Note that there is no penalty for bad ideas, since anything can be deleted. In this way, babble is fundamentally a mode of exploration. The aim of babbling is to generate material to be edited later on. Speaking without planning means you will inevitably make mistakes, but ignore the mistakes when you do make them: you can just say it again instead of leaving babble mode to start editing.
Typing is slow, but babble is fast. Whereas the time commitment of typing means that sentences have to be considered well in advance, babble allows you to circumvent that entirely. There’s no sense being frozen at the computer trying to figure out how to phrase something: you can just say every permutation of the thought. At least one of these is the correct one, and it’s easy to delete the rest.
Babbling means being seldom blocked by the blank page. Even if you have no good ideas, you just say the bad ideas instead. I have found that to be an effective way to get past the intimidating quality of a blank page.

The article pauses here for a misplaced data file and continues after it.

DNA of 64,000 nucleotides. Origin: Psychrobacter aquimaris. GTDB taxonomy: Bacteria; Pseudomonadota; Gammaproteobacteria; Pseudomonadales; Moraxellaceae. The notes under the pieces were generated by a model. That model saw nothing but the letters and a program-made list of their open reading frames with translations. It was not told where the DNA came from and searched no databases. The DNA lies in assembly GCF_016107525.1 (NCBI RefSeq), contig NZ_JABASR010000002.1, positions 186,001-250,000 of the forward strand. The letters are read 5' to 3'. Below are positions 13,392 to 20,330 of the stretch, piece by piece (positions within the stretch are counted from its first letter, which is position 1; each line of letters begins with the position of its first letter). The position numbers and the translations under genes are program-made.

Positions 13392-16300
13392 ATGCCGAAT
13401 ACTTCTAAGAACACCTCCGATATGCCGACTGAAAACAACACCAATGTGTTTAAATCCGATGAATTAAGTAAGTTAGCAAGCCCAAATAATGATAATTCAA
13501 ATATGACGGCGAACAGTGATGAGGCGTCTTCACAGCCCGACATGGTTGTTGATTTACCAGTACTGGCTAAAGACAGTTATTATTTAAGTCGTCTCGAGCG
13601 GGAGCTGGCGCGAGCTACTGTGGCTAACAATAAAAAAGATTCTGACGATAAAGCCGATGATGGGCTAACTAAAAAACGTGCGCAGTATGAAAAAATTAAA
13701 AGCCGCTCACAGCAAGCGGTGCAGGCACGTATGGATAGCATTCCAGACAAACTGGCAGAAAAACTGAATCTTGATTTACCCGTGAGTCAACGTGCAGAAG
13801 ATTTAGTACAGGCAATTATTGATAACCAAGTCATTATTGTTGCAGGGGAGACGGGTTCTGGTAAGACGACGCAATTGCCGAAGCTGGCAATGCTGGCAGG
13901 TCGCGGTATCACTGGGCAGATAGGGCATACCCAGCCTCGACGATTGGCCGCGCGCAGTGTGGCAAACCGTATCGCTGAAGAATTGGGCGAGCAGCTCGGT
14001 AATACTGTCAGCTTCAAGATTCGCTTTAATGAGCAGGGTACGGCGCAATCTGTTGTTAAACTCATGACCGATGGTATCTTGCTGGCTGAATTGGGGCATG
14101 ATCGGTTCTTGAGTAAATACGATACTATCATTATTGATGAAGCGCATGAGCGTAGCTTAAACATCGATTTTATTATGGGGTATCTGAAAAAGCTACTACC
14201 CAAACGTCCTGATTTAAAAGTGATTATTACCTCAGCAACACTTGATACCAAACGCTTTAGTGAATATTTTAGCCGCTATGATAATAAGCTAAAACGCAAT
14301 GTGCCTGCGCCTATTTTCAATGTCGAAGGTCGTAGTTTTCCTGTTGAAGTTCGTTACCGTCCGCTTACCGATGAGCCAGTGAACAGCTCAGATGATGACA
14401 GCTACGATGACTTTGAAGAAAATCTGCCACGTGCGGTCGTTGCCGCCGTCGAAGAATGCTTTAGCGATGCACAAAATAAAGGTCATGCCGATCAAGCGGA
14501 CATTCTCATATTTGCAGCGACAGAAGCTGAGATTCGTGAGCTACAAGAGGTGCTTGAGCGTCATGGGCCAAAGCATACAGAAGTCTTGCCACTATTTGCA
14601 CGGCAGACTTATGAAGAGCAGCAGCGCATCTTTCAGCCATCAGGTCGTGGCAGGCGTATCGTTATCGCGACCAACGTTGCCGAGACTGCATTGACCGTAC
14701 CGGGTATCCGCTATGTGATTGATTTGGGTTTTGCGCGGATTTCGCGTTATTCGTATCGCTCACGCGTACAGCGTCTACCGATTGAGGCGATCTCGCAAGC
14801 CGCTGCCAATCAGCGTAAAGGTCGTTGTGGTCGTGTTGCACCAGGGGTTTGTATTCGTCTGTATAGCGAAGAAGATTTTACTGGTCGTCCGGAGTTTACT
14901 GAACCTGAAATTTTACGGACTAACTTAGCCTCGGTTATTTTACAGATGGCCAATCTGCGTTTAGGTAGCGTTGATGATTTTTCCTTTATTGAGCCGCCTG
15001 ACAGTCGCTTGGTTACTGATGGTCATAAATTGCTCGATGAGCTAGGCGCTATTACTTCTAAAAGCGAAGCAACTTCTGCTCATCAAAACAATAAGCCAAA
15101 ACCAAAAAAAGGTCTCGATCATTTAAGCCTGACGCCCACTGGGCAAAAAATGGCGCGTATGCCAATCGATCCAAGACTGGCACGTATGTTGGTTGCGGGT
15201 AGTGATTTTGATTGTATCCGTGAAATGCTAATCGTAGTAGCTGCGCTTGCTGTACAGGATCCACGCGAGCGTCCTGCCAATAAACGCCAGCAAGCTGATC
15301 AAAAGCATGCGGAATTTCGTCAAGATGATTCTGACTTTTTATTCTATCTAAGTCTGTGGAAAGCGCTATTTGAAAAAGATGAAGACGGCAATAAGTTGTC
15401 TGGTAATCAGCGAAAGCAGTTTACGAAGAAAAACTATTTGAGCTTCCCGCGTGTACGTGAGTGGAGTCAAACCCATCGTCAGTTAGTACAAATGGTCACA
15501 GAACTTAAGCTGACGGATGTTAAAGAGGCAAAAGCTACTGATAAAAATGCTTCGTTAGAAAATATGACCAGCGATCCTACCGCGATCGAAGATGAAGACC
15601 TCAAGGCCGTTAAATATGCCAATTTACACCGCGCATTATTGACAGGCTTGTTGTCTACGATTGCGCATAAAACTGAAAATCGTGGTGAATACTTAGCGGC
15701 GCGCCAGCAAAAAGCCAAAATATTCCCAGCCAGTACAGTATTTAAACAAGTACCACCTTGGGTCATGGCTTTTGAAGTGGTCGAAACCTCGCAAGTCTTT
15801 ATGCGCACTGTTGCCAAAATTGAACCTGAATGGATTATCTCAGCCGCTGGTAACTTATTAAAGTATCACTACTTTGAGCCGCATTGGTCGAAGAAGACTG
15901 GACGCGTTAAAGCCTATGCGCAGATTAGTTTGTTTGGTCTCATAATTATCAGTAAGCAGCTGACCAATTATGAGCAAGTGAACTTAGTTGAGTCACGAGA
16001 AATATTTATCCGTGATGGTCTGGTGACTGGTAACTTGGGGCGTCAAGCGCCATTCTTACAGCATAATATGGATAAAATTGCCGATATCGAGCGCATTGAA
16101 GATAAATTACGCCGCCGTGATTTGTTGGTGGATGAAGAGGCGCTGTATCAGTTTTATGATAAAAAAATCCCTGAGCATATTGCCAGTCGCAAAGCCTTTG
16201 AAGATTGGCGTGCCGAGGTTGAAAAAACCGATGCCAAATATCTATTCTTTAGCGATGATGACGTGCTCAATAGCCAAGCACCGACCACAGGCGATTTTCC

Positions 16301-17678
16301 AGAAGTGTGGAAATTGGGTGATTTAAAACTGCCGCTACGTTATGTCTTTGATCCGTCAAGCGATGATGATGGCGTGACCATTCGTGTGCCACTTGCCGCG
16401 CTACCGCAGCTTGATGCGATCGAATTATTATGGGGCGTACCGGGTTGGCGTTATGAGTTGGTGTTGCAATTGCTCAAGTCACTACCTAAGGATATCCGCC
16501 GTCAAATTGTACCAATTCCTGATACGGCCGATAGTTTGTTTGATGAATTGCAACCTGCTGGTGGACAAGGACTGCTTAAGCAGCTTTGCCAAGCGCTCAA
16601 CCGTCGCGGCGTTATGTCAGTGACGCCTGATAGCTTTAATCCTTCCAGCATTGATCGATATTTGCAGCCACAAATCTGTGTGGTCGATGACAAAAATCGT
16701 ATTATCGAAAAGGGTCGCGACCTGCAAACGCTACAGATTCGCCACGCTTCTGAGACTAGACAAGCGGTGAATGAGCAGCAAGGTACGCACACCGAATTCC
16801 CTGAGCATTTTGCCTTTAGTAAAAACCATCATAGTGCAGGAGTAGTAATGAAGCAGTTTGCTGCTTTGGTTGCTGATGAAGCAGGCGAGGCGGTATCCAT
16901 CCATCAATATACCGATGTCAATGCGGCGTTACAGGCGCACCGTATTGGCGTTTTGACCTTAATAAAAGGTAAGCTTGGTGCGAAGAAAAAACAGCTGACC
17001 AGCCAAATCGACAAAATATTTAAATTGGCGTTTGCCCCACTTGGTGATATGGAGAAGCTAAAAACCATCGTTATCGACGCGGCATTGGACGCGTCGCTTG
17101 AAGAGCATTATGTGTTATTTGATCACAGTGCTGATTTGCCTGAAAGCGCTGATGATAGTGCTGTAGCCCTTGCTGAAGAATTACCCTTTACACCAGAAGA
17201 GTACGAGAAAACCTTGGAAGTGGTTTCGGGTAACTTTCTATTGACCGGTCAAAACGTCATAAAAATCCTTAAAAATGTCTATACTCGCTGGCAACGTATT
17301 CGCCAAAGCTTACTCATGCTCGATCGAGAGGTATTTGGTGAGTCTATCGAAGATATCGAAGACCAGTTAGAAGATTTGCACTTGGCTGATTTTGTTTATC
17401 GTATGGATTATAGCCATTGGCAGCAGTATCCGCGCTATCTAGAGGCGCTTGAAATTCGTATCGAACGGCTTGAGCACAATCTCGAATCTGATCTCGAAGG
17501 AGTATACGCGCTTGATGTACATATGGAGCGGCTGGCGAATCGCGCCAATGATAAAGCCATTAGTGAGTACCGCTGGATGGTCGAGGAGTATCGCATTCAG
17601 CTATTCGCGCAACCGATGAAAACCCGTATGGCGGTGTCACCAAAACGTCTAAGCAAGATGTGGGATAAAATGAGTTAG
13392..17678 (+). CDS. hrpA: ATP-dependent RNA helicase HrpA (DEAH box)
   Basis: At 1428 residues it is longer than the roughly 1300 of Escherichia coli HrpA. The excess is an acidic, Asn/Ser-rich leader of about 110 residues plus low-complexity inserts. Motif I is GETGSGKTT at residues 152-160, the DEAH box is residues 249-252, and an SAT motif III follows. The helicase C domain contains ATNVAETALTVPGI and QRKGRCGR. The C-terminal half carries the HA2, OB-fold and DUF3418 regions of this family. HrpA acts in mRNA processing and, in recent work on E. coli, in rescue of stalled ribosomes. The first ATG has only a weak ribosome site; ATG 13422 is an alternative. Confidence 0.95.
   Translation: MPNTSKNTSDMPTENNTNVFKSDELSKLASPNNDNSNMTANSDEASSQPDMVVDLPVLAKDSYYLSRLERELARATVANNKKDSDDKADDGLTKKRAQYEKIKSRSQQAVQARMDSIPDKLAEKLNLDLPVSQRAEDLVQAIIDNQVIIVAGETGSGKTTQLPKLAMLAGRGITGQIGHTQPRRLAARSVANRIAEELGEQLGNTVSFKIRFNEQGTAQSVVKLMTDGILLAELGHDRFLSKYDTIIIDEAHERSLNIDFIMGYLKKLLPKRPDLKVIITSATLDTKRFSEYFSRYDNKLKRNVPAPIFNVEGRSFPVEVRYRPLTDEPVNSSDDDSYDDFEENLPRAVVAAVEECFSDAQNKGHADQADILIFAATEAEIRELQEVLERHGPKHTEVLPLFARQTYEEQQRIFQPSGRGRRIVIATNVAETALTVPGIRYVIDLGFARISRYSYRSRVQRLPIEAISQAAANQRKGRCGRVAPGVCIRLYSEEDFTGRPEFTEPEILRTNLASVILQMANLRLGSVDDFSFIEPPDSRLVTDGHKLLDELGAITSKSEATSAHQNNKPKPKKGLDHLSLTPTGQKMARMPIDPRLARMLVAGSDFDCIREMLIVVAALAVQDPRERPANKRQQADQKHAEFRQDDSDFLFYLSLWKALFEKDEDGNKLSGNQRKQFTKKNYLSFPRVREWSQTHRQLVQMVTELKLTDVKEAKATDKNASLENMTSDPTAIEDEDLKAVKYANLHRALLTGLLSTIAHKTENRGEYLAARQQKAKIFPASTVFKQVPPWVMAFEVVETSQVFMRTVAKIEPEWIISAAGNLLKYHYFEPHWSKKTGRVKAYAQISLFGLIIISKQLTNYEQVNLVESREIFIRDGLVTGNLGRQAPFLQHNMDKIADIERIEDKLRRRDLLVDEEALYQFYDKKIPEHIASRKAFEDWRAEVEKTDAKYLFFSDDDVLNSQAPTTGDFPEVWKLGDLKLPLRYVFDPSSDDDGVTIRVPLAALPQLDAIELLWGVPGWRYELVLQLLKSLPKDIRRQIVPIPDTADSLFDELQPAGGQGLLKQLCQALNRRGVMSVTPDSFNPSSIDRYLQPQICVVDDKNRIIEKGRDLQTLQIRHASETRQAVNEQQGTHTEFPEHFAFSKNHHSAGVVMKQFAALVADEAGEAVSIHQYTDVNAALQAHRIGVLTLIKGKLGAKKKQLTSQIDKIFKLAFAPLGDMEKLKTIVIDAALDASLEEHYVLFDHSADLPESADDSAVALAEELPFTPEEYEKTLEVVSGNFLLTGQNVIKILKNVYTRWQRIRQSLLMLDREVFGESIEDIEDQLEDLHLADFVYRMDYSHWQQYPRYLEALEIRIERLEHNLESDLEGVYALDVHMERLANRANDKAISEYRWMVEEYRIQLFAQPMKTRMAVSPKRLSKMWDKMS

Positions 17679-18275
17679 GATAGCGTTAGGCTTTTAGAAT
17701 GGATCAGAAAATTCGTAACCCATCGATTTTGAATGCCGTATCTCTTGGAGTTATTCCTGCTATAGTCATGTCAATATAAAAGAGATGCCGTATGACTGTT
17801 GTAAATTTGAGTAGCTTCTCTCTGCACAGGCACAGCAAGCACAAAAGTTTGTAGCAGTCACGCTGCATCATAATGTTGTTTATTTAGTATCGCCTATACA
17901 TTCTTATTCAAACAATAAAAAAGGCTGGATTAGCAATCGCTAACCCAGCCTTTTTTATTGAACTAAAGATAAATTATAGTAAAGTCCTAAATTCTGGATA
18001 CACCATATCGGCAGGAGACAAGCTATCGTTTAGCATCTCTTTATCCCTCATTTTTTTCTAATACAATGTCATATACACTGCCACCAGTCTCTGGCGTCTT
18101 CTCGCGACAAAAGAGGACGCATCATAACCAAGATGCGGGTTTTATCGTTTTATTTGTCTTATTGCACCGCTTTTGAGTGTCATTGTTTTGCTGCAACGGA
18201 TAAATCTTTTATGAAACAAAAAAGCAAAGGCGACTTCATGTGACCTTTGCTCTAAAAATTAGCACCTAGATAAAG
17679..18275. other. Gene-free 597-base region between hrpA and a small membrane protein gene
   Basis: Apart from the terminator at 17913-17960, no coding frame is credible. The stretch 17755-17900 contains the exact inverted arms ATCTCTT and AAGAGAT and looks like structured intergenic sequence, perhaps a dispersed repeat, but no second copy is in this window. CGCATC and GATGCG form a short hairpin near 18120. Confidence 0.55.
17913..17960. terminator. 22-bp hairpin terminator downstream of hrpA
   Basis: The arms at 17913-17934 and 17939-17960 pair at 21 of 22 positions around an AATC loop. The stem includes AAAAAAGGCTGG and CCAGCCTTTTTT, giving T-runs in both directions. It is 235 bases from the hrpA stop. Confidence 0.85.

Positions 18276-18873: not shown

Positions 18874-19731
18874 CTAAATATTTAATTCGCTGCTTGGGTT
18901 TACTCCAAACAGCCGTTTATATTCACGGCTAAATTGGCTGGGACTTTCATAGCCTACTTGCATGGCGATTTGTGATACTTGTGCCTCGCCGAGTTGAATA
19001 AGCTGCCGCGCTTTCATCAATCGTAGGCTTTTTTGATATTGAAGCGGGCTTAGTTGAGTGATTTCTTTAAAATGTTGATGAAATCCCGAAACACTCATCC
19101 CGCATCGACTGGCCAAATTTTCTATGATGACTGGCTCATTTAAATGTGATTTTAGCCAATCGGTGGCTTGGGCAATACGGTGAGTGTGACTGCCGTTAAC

When you come out of babble mode, you might be dismayed to see pages upon pages of half-garbage. This is not as bad as it seems: babble entails editing and wrangling the text to find the core thread of ideas which you are expressing. But it also entails making sure you have plenty of material to do this editing with. It’s counterproductive to have standards so high that thoughts are rejected before they are even written down into text form, where they could have been more easily manipulated and improved. If the bar is too high, nothing can be said at all. The point of babble is to avoid this, and to set your quality bar far lower, in the personal and private interaction between you and your computer.